In summary, recognizing the importance of propane tank safety and understanding how to prevent potential explosions can have a significant impact on your off-grid lifestyle. It ensures the safe and reliable use of propane, allowing you to fully enjoy its benefits without the worry of hazardous incidents.

Propane Tank Parts and Types

Before I get into discussing propane tanks and their potential to explode, I like to start off my articles with some key terms to help you familiarize yourself with topics we’ll be discussing.

Key Terms and Definitions

Propane: Propane (C₃H₈) is a hydrocarbon and a type of liquefied petroleum gas (LPG). It’s commonly used as a fuel for heating, cooking, and powering various appliances. Propane is stored as a liquid under pressure and vaporizes into a gas when released from the tank.

LPG (Liquefied Petroleum Gas): This term refers to a group of hydrocarbon gases, including propane and butane, that are stored in liquid form under pressure. LPG is widely used for heating, cooking, and automotive fuel.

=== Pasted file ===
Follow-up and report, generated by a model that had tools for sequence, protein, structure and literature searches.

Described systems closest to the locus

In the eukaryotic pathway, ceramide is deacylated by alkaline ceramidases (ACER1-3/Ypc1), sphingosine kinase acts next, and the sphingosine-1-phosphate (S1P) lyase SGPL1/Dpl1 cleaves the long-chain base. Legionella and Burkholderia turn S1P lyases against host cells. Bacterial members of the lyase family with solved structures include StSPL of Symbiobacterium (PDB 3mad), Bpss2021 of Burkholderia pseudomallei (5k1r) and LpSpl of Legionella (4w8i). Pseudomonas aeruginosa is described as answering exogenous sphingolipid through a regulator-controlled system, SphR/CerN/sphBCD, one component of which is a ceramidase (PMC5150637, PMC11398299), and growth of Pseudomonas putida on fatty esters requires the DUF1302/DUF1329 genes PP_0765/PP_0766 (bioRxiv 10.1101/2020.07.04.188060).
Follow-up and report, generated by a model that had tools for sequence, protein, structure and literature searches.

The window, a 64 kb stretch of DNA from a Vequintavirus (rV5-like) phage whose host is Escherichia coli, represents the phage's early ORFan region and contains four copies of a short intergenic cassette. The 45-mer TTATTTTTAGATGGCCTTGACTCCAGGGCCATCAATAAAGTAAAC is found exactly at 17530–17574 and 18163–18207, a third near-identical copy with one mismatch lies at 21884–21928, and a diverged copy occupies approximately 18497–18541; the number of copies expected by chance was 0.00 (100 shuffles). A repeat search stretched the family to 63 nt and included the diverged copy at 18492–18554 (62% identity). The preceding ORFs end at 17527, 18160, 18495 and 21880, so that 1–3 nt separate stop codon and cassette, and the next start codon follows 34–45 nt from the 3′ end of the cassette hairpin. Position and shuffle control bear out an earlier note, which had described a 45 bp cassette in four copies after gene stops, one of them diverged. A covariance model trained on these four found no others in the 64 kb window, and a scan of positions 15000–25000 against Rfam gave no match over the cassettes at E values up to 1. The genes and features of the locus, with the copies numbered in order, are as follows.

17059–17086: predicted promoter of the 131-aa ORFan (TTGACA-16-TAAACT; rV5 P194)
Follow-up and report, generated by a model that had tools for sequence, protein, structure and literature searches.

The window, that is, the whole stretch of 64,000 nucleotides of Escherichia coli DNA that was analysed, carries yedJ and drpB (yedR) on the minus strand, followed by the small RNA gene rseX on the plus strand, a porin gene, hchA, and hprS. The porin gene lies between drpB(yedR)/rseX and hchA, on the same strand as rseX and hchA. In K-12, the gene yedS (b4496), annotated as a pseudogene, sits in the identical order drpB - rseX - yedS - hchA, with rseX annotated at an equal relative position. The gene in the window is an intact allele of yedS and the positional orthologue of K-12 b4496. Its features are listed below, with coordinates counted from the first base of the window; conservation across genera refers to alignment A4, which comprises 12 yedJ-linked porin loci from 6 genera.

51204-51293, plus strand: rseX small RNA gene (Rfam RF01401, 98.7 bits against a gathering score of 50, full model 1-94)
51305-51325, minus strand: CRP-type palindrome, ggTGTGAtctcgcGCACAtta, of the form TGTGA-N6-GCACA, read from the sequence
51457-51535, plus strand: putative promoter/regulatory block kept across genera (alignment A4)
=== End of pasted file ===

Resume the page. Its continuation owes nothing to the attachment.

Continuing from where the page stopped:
BTU (British Thermal Unit): A measure of heat energy. One BTU is the amount of heat required to raise the temperature of one pound of water by one degree Fahrenheit. Propane is valued for its high energy content, delivering approximately 91,500 BTUs per gallon. For reference, BBQ’s are typically around 30,000 to 60,000 BTU/hr.

PSI (Pounds per Square Inch): A unit of pressure. Propane is stored in tanks at pressures ranging from 100 to 200 PSI, depending on the temperature. Understanding PSI is crucial for handling propane tanks safely.

Regulator: A device attached to a propane tank that reduces the high pressure of the stored propane to a usable level for appliances. Regulators are essential for ensuring a consistent and safe flow of propane.

Valve: The mechanism on a propane tank that controls the release of gas. Properly operating the valve is crucial for safe propane usage.

Types of Propane Tanks

  • Disposable Propane Tanks: These are small, single-use tanks often used for camping stoves and portable heaters. They are convenient but less economical and environmentally friendly compared to refillable options. While it is possible, you should never refill a disposable propane tank.
  • Refillable Propane Tanks: Available in various sizes, these tanks can be refilled and reused multiple times. They are more cost-effective and sustainable, commonly used for home heating, grills, and generators. Check out my article on how to refill propane tanks for more info.
  • Horizontal Tanks: Designed to lie flat, these tanks are typically used in RVs and other mobile applications where stability and space are considerations.